"Becoming" evil? Apple is not some shrine of ethics or panacea of consumer/developer friendliness. This is a company that has tried suing bloggers for talking about upcoming Apple products. One of the first companies to employ TPM-style chips on a widespread basis. The company that takes 50 times more than they give -- GUI, OOP, BSD, KHTML, etc. The company that is locking down iPods so that I won't be able to use them with my computer anymore (because, GASP, I don't run an OS that they support with iTunes!).

    If you are surprised by Apple's behavior, you should take a look at some news archives and see what Apple has done in the past. And if you think that they won't try to shut off unlocked iPhones, you REALLY need to review the news archives. In the Apple world, "lock-in" takes on an entirely new meaning.

  • by sacrilicious (316896) on Tuesday September 25, 2007 @10:38AM (#20743141) Homepage
    In other words, swim at your own risk, but don't bitch to us if you get eaten by an alligator; you were told to stay out of the water.

    Right, and the fact that they put the alligators in the water to intentionally eat swimmers doesn't take away their moral high ground one bit.

  • Who's preventing? (Score:4, Insightful)

    by blueZ3 (744446) on Tuesday September 25, 2007 @10:42AM (#20743205) Homepage
    They didn't prevent anyone from unlocking the phone. They're just not supporting you if you do so.

    Why is this so hard for the /. crowd to understand? Apple specifically says that non-ATT use of the phone is unsupported. People who bought and hacked the phone knew that when they bought it. Apple didn't stop people from doing so, but they're not going to go out of their way to support them. Get over it.

    This is like whining that Microsoft doesn't support people running Window-Blinds or some other hack.
  • by Hatta (162192) on Tuesday September 25, 2007 @10:52AM (#20743391) Journal
    For goodness sake people, you don't buy Apple products because they're cheap or because you want to save money; nay fellow brethren, you buy because Apple products are the coolest, the best user-tested, and yea, because you are blessed enough to afford luxury. It comes at a price.

    That price? Your freedom.
  • by Ginger Unicorn (952287) on Tuesday September 25, 2007 @10:52AM (#20743395)
    well you dont "end up" with a broken phone, Apple deliberately vandalises it, therefore it is not immoral to get your money back off them.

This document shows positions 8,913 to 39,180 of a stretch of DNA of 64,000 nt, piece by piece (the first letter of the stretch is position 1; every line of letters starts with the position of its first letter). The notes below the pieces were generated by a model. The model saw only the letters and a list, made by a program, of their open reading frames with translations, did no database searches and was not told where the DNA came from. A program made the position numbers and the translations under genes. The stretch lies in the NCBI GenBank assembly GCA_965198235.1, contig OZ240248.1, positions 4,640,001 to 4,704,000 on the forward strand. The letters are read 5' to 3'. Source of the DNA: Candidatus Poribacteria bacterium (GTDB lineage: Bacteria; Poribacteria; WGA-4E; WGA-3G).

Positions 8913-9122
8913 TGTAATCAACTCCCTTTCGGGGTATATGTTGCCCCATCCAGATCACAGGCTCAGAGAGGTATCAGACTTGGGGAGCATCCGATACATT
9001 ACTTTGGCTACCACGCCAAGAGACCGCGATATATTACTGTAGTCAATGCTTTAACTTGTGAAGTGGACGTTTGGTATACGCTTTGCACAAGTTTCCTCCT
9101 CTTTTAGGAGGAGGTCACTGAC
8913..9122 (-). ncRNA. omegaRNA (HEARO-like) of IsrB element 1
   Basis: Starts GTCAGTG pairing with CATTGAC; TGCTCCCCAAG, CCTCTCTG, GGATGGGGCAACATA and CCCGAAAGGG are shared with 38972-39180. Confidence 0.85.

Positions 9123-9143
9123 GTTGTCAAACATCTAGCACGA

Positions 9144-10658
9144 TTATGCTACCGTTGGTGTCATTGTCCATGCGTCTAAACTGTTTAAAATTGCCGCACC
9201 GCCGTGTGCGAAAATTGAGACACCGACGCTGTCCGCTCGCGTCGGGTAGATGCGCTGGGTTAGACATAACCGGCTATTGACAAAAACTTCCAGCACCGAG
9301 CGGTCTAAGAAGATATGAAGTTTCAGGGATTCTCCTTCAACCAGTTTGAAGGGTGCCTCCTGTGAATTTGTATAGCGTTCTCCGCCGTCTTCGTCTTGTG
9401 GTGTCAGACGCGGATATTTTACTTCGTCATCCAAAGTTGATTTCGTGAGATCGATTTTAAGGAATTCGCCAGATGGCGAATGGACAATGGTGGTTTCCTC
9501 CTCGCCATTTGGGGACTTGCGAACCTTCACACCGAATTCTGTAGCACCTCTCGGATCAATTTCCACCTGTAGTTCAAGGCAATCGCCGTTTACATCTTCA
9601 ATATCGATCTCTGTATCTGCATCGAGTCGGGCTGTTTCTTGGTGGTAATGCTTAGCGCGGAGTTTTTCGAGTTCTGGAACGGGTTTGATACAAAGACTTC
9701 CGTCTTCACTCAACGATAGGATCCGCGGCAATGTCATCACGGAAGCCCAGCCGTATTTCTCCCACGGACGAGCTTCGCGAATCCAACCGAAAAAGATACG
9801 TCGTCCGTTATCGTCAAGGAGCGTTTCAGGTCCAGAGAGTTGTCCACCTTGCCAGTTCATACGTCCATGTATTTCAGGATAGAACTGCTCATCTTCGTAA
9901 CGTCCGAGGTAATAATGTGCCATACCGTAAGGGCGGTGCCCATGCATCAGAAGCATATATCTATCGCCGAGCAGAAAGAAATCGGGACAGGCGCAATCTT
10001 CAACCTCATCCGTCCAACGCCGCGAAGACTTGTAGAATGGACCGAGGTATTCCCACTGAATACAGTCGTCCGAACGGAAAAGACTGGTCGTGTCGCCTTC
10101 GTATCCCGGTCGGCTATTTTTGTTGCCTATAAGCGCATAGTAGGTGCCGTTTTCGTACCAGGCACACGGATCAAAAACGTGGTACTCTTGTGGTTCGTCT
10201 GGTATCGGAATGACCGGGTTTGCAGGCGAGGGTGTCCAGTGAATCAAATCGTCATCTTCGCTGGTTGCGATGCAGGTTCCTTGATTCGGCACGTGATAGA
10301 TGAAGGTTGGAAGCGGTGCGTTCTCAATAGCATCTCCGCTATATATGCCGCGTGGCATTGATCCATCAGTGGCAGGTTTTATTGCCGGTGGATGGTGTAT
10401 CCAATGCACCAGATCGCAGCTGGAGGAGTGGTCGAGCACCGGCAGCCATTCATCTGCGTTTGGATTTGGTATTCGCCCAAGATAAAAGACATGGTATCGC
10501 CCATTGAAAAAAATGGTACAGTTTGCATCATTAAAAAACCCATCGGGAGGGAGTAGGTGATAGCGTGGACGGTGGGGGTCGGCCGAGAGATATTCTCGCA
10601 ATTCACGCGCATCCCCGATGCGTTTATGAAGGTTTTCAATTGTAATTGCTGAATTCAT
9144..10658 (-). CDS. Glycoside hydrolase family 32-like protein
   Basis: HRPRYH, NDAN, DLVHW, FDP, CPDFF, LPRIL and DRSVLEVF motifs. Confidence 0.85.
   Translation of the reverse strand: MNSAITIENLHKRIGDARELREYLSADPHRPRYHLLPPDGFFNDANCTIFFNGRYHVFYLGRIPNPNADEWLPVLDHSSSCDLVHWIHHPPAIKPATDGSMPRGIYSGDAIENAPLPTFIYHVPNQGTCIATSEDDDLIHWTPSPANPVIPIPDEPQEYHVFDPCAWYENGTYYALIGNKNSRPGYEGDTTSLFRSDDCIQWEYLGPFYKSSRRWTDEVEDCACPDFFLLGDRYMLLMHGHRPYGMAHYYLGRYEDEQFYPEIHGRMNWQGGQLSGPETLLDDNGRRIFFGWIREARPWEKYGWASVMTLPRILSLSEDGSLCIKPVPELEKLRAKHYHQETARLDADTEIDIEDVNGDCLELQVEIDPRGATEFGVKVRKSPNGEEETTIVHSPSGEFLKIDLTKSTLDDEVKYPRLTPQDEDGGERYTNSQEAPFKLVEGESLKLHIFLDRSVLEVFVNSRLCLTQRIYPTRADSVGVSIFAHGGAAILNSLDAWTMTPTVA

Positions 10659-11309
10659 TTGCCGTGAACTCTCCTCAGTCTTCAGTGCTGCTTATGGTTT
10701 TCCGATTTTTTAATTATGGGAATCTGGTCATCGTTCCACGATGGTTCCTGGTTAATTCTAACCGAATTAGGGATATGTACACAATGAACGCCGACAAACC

If you bought a car off of ford and they said "if you use it for racing you might break it" then you say whatever and buy it and race it anyway and it's fine, then ford sends out a "representative" to put sand in your gearbox and smash your windscreen, who then turns round and says "well i told you it might break if you raced it", would it be immoral to get your money back from ford?

  • by nuzak (959558) on Tuesday September 25, 2007 @10:56AM (#20743461) Journal
    Why is it that when a company like Microsoft or Oracle does some sort of lock-in or stunt like this, they're "so evil" and it's just such a demonstration of how evil they are, but when Apple does it they're just "doing what a business has to do"?

    It's called "special pleading", and it's been the standard defense of Apple from day 1. Apple is the company that invented the Look and Feel lawsuit. This is the company that sued Microsoft over MS Media player changing file associations ... back to what they were before QuickTime changed them without asking. It just goes on and on, but just like the leather scene here on Folsom st, there's plenty of people willing to be whipped as long as it's done with style.
  • by Sheik Yerbouti (96423) on Tuesday September 25, 2007 @10:57AM (#20743473) Homepage
    Why do I need this update? So it can brick my phone. Hrmm sounds like I don't need it. I thought about this eventuality before I bought and unlocked the phone. It's not really a big deal at all. What functionality does the update provide that would make me want to apply it? None nadda zip. So I won't be. iTunes music store wifi crap could not care less about. I don't buy music from any source that sells DRM music. iTunes want's to force me to update. I will use a third party synch tool or just good old FTP SFTP. I am perfectly happy with the way my unlocked iPhone works right now. And more importantly I get far more value from the new applications the hackers have provided than I do from anything new Apple is talking about. I mean the NES emulator is by far the coolest thing on my iPhone. So in short meh whatever.